Heard around the West | SummitDaily.com

Heard around the West

Betsy Marston

Alligators have arrived at the University of Utah in Salt Lake City, where they are enrolled in a research project. The fanged fauna from Florida must wear plastic masks over their long snouts, and once they’ve begun tooling along on a tread mill at 1 mph, scientists start measuring their breathing. Alligators are peculiar because they inhale and exhale by rocking their pelvic bones -something dinosaurs may have done as well.

Modern lizards, meanwhile, cannot walk and breathe at the same time. In its story about alligator exercise Utah-style, the Times Picayune newspaper says it requested a photo. The university turned down the request on the ground of the gators’ sensitivity. That led the Florida daily to speculate about who was likely to be distressed by a photo shoot – the reptiles or the researchers? After all, “It’s hard to look dignified when standing next to masked reptiles working out on exercise equipment.”

In rural Fremont County, Wyoming, county commissioners don’t want to hear how residents can make nice with grizzlies and wolves. They just want them to stay out or at best, disappear. So commissioners passed a series of resolutions designed to ban these “unacceptable” predators. How will the animals know where the county line lies? Commission chair Scott Luther told 150 residents that the county sheriff “will enforce our orders,” reports the Billings Gazette. Well, maybe not. Sheriff Roger Millward pointed out,

“I can no more keep them from the county’s borders than anyone else, because they are already here.” Nonetheless, commissioners held firm, refusing to hear a presentation from Shoshone National Forest officials about living safely with endangered species.

Perhaps only in Colorado could state senators argue fervently over the designation of “state mineral.” A Boulder representative said he wanted gold or silver but was told they’re already taken by other states. Associated Press says the Leadville senator, Republican Ken Chlouber, pushed rhodochrosite because a local high school said the blood-red mineral was unique. A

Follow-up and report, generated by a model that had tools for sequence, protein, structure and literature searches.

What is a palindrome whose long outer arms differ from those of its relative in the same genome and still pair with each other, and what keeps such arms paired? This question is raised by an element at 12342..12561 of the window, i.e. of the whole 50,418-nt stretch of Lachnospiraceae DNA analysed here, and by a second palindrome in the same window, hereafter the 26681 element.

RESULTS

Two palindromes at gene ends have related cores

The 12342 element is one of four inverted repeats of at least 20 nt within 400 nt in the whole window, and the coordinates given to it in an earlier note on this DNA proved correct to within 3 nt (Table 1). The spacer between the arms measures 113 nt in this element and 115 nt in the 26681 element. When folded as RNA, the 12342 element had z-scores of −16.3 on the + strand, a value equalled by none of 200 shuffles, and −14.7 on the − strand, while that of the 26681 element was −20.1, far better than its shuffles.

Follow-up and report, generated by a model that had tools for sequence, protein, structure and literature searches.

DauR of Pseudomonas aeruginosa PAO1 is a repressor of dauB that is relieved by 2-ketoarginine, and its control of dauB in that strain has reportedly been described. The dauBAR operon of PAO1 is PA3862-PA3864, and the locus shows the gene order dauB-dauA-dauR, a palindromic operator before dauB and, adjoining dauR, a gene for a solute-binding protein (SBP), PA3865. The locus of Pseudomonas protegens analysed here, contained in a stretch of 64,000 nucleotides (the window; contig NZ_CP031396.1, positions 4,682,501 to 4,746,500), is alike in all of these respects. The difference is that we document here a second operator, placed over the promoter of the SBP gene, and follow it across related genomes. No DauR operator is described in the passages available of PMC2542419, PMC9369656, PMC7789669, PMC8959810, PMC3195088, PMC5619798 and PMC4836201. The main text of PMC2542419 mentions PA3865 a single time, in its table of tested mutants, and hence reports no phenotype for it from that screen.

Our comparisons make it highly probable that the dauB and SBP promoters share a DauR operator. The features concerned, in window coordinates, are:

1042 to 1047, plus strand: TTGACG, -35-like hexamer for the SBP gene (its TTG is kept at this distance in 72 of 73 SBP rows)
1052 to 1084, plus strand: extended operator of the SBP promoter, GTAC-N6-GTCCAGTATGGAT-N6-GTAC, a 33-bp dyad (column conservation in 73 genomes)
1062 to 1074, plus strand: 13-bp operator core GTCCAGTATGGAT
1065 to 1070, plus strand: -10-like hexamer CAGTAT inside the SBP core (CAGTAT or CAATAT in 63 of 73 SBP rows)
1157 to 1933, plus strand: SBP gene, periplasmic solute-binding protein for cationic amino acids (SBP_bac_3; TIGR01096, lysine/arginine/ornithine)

Colorado Spring Republican, Andy McElhany, argued that blue amazonite was the better choice by far: “‘Why would we want something that’s communist red?’ he asked?”

The score was coyotes, 1, plane, 0, in Glasgow, Mont., after a coyote hunter flying in a Piper Cub accidentally shot up the plane’s wing.

Apparently the 12-gauge automatic shotgun malfunctioned, reports the Billings Gazette, firing repeatedly and causing the small plane to crash land. Both predator hunter Gary Strader and pilot Leland Blatter survived the freak accident, but the Piper Cub was a total loss. And so was the errant shotgun, which burned up.

Better not stop for a picnic in Madras, Ore. That’s where a semi truck filled with 540 beehives was overturned by a fierce gust of wind. Now the freed bees are ticked off and stinging, reports the Idaho Statesman. Bee keepers from Oregon and Idaho have been called in to salvage the intact hives. The rest will be burned to keep the bees from attacking more people and animals.

“Go for it, Basalt – We admire your courage,” said the Aspen Times to the town of nearby Basalt, population 1,100 or so and growing like Topsy because of its proximity to posh Aspen. Prices of homes are rising so fast that low and middle-income buyers can’t even consider living there. So what courageous act is Basalt considering? The answer is barring speculators and second-home buyers by requiring all new residential development to be occupied fulltime by the owner.

Happy birthday to Jessie Reimers of Lewiston, Idaho, born not in the last century but in the century before that: 1895. Reimers attributes her 107 years on earth to never missing a meal and chewing her food well. Reimers, who follows baseball on television and roots for the Seattle Mariners, has outlived not only her husband but also her three children. But, says the Lewiston Morning Tribune, many generations visit her at a care center, where she enjoys spending time with her grandchildren and great-great-great-great-grandchildren.

Betsy Marston is editor of Writers on the Range, a service of High Country News in Paonia, Colorado. She invites readers to get involved in the column. Send quirky, weird or quintessentially Western doings to her at betsym@hcn.org

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